Wednesday, October 12, 2011

No AEI, WSJ, Virginia and Anybody Else Who Is Interested in Factual Data and Analysis -- The CRA Did not Cause the Housing Bubble

In the name of God and all that is holy, the "government regulation and CRA caused the housing crash" meme popped up AGAIN today, thanks to some utterly clueless idiotic yahoo at the AEI.  Thanks to the truth challenged morons at the editorial page of the WSJ, we get this gem:

Fannie and Freddie were not the only government-backed or government-controlled organizations that were enlisted in this process. The Federal Housing Administration was competing with Fannie and Freddie for the same mortgages. And thanks to rules adopted in 1995 under the Community Reinvestment Act, regulated banks as well as savings and loan associations had to make a certain number of loans to borrowers who were at or below 80% of the median income in the areas they served.
Let me respond with someone who knows something about this: Federal Reserve governor Randall S. Kroszner:
Our findings are important because neighborhoods and communities affected by the economic downturn will require the active participation of financial institutions. Considering the situation today, many neighborhoods that are not currently the focus of the CRA are also experiencing great difficulties. Our recent review of foreclosure data suggested that many middle-income areas currently have elevated rates of foreclosure filings and could face the prospect of falling into low-to-moderate income status. In fact, 13 percent of the middle-income Zip codes have had foreclosure-rate filings that are above the overall rate for lower-income areas.

Helping to stabilize such areas not only benefits families in these areas but also provides spillover benefits to adjacent lower-income areas that are the traditional target of the CRA. Recognizing this, the Congress recently underscored the need for states and localities to undertake a comprehensive approach to stabilizing neighborhoods hard-hit by foreclosures through the enactment of the new Neighborhood Stabilization Program (NSP). The NSP permits targeting of federal funds to benefit families up to 120 percent of area median income in those areas experiencing rising foreclosures and falling home values.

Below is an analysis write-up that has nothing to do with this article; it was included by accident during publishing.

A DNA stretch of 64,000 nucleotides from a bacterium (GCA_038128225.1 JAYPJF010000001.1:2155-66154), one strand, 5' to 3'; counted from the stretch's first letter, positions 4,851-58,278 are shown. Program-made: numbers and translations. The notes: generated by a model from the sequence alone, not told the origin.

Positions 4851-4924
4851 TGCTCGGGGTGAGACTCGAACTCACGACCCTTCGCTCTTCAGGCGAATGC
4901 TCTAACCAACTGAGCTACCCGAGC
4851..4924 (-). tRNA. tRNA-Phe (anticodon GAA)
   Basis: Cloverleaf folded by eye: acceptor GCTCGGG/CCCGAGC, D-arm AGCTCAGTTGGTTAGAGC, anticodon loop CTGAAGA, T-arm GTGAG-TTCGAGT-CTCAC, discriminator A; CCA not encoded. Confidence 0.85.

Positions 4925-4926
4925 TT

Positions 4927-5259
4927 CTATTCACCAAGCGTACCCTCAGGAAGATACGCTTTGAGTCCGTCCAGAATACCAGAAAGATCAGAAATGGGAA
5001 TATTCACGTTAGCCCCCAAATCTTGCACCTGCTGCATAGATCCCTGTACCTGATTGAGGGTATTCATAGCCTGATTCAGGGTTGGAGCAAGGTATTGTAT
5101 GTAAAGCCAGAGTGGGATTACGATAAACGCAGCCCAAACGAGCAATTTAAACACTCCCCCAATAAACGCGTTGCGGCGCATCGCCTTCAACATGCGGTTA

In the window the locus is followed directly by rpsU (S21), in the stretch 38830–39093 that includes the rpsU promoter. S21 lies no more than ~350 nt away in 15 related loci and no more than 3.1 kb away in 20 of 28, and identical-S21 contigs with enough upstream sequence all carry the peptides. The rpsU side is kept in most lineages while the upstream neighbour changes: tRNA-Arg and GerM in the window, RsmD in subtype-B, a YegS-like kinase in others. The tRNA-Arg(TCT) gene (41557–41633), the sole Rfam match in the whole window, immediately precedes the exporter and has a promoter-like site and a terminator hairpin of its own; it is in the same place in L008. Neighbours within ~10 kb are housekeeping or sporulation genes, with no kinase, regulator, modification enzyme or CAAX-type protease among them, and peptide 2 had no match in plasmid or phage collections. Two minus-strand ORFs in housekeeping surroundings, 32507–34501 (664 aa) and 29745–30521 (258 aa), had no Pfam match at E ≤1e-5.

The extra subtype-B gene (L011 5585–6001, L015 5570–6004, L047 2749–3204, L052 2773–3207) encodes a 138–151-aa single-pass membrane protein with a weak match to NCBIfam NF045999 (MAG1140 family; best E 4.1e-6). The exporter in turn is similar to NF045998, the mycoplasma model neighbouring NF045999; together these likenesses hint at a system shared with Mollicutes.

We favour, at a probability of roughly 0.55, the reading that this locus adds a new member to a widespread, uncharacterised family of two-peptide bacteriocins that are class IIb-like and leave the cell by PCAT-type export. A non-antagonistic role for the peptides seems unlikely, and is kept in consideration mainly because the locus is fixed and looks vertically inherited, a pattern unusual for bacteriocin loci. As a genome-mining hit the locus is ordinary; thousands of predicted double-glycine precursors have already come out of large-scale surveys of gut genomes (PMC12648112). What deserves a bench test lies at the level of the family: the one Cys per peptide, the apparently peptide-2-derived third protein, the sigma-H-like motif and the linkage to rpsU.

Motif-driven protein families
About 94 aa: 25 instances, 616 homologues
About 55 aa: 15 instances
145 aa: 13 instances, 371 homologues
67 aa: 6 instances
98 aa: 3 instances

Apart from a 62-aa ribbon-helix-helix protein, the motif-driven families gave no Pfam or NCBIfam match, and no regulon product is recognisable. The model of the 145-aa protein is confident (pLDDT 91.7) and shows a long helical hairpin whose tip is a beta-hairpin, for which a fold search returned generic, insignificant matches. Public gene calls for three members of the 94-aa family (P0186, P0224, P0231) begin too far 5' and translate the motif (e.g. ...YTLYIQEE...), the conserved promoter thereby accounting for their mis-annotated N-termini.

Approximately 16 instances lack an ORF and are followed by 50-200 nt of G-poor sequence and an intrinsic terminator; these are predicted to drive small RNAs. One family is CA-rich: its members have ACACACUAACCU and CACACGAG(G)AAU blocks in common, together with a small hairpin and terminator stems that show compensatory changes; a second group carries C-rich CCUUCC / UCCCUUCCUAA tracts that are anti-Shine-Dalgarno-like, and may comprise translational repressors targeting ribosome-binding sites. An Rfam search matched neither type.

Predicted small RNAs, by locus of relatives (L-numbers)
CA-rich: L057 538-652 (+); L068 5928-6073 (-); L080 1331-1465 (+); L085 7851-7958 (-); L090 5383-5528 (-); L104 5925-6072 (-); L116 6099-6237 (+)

In conclusion, I believe the CRA is an important model for designing incentives that motivate private-sector involvement to help meet community needs. The CRA has, in fact, been helpful in alleviating the financial isolation of many areas of concentrated poverty, but as our report illustrates, there is much more that could be done in these communities. Contrary to the assertions of critics, the evidence does not support the view that the CRA contributed in any substantial way to the crisis in the subprime mortgage market. Today's discussion is an important first step in the process of identifying other initiatives and areas of cooperation between government and the private sector that will effectively address the continuing challenge of poverty in the United States.
Barry Ritholtz over at the Big Picture Blog has a far more devastating take down of this intellectual bile.  See the numerous links at the bottom of this link.

I realize that getting paid to spread this type of complete tripe is what "think tanks" are about.  But, could you at least come up with something new?

And shame on Marc Perry for linking to this crap.  He should know better.